Culture Shocked in Phnom Penh

28 Mar 2014

Culture Shocked in Phnom Penh

that's how I call it anyway :) one of my fav spots in Phnom Penh

I've been in Phnom Penh, Cambodia, for about over a month now and it's just hitting me. I know my negative focus at the moment is due to the culture shock so even though I'm missing Australia very much right now and have a hard time remembering why I ever wanted to do this, I've got good faith that I will get used to it all eventually and start to enjoy the good sides again like I did in the beginning. And that I'll have some good stories to tell afterwards.

But right now I feel foreign. I'm certainly not blaming Cambodians for not speaking English, but sometimes I'm just tired of trying to make myself understood with hand and feet and the handful of Khmer words that I've picked up so far. And it can get very exhausting if beggars turn up everywhere you go, no matter if you're sitting in a nice calm spot watching the sunset or sweating in the traffic at the red light. I've read you shouldn't give them any money because it will probably just be used for drinking or gambling. If anything, give them food and open it beforehand, otherwise they might just sell it. And apparently you should completely ignore kids, because giving them anything will encourage them to stay out of school to beg or sell bracelets or whatever. Now try and keep your resolve every ten minutes or so when the next cute witty kid rocks up and asks you where you're from just to greet you in your language. They can be very subtle, too. One minute you're enjoying a nice conversation with a local that is practicing his english, the next minute they're trying to sell you something. Especially if they saw you rocking up on that expensive 200cc Porsche, erm, motorbike. If you're white, you've got money and in touristy areas they'll try and get it from you.

Then there's the trash and the smells. They say you just have to look past that to see the people that are happy and friendly with so little. Indeed, the locals are very friendly and usually very helpful but there really is a lot of trash to look past. It's littering otherwise beautiful sceneries and piling up against the walls of newly built licked-clean fortress-like holiday villages for the rich. Some knocked-up wooden dwellings of the locals right next to the piles with their cows grazing in the muck. Sweat and trash and dust wherever you go. Even the sunrises look incredibly tired through the haze.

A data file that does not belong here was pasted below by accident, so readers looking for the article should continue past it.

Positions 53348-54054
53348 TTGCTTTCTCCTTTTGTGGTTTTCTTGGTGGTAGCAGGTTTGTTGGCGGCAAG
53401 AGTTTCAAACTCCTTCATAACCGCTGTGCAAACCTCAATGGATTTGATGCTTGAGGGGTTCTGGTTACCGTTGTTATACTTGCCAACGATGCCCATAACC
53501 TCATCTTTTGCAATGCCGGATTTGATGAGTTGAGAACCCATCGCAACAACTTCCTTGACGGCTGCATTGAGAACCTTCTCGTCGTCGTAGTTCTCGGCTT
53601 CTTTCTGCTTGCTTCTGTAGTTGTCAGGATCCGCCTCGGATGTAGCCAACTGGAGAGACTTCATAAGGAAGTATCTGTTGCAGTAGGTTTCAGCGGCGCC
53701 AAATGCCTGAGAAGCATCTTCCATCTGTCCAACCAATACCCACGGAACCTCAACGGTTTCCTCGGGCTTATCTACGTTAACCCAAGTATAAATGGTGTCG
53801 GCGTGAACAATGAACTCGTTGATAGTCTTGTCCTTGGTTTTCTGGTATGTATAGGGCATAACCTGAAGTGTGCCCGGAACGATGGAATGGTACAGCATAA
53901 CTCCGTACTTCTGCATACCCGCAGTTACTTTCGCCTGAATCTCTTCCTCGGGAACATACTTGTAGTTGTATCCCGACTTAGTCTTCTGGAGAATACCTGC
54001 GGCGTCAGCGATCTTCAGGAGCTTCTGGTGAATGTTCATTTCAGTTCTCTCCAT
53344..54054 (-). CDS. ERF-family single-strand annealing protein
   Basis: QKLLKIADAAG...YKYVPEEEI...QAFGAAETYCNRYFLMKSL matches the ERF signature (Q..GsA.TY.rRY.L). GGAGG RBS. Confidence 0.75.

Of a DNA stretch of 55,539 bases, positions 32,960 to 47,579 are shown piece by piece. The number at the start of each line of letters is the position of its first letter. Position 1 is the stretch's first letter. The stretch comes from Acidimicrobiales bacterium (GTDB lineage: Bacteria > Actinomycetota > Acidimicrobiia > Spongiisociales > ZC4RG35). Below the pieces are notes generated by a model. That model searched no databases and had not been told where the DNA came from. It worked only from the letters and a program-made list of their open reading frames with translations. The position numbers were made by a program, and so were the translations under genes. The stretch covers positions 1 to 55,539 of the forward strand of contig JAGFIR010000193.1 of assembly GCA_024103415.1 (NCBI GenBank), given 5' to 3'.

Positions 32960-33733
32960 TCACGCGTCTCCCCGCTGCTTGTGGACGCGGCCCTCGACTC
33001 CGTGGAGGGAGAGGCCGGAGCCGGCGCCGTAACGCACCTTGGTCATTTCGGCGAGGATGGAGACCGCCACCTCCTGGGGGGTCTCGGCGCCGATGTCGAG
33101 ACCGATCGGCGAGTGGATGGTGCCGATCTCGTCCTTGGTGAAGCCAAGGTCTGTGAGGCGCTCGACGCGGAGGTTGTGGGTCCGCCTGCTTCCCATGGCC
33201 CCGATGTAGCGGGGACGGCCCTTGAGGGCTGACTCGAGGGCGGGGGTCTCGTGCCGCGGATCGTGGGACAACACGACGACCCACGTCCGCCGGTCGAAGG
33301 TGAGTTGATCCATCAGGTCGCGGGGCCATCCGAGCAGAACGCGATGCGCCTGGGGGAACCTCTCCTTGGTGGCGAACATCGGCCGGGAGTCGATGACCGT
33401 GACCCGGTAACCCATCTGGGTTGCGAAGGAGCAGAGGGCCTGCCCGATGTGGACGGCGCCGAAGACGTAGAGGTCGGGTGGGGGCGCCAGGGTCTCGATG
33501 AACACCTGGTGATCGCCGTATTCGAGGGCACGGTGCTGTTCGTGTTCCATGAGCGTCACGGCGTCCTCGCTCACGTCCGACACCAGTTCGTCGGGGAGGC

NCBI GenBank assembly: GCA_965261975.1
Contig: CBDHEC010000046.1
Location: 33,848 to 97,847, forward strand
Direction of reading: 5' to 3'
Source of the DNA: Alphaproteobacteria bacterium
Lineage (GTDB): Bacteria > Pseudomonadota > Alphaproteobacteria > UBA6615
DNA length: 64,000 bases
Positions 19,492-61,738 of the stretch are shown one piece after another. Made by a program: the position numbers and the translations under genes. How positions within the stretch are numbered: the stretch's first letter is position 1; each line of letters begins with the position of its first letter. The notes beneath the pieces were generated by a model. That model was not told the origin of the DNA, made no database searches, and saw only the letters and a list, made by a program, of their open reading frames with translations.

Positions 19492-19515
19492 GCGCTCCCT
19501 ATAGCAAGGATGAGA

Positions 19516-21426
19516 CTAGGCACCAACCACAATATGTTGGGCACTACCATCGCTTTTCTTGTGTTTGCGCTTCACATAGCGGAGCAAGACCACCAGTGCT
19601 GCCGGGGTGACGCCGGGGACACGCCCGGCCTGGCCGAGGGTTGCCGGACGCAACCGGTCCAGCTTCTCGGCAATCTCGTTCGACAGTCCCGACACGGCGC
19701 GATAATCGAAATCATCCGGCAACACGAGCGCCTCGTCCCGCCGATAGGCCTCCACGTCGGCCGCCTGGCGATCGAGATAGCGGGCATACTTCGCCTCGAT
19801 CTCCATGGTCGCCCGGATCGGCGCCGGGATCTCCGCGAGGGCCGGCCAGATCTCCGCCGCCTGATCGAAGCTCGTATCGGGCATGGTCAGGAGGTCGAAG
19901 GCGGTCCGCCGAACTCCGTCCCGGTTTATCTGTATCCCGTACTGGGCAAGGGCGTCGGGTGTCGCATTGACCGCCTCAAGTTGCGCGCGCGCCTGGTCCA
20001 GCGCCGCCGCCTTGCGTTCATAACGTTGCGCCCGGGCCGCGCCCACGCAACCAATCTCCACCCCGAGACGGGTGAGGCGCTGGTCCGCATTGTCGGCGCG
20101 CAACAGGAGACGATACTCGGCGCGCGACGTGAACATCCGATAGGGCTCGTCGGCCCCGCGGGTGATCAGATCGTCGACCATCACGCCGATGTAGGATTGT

in Phnom Penh over the Mekong river in Phnom Penh

And there's a peculiar mix of crumbling, black stained buildings that immediately fit the image of communism in my head on one side, and new ambitious buildings springing up everywhere on the other. Big new soulless shopping malls with levels and levels of empty space. And maybe a few lost clothes and electronics shops that seem to belong to local markets rather than glamorous shopping malls. A sleepy and lifeless night market next to one of the new, empty shopping malls as a shallow copy of the vivid night markets in the city and just as soulless as the shopping centre. If that's not enough of the mix, there's Khmer modern architecture, traditional Khmer stilt houses, French style boulevards and colonial buildings, huge Chinese bakeries in the middle of nowhere, and Japanese gimmicks like matcha-green-tea hair colouring and crazy contact lenses everywhere. Usually I enjoy the mix but the chaos can mess with you while culture-shocked.

Kendal Markets the meat aisle

I still like the smelly but vibrant local markets where haircuts are given next to meat selling stalls and where you walk through undefinable muck that will have your shower water run black later (flip flops not recommended). I even got used to vendors right out ignoring you to save face if they don't speak english and my stomach doesn't go funky from local food anymore. But I have a hard time finding the things I need, like leave-in monthly contact lenses, affordable non-noodle-or-rice-food every now and again or a proper motorbike helmet that actually fits. I'm pretty darn proud that I got used to the crazy but relatively slow traffic in the city by now. You know that I used to freak out about the thought of driving anywhere by myself just half a year ago, right? But the traffic out of town is just killing me. Praying to Murphy that he doesn't take the pun literally!
The rich of the country with their ridiculously big cars in the oncoming traffic just overtake and give a if you're on the road frantically flashing your lights to indicate that you're not just a slow scooter. With a bit of bad luck you're forced off the road into the dirt at maybe 50km/h (if you get a chance to break at all) which will make the rear wheel break out. You probably can't slow down any further though, because there's a good chance that the car behind you was forced off the road too and can't slow down as quickly as your motorbike (or doesn't want to) and will honk the horn like crazy to tell you to keep going. Welcome to Asian traffic.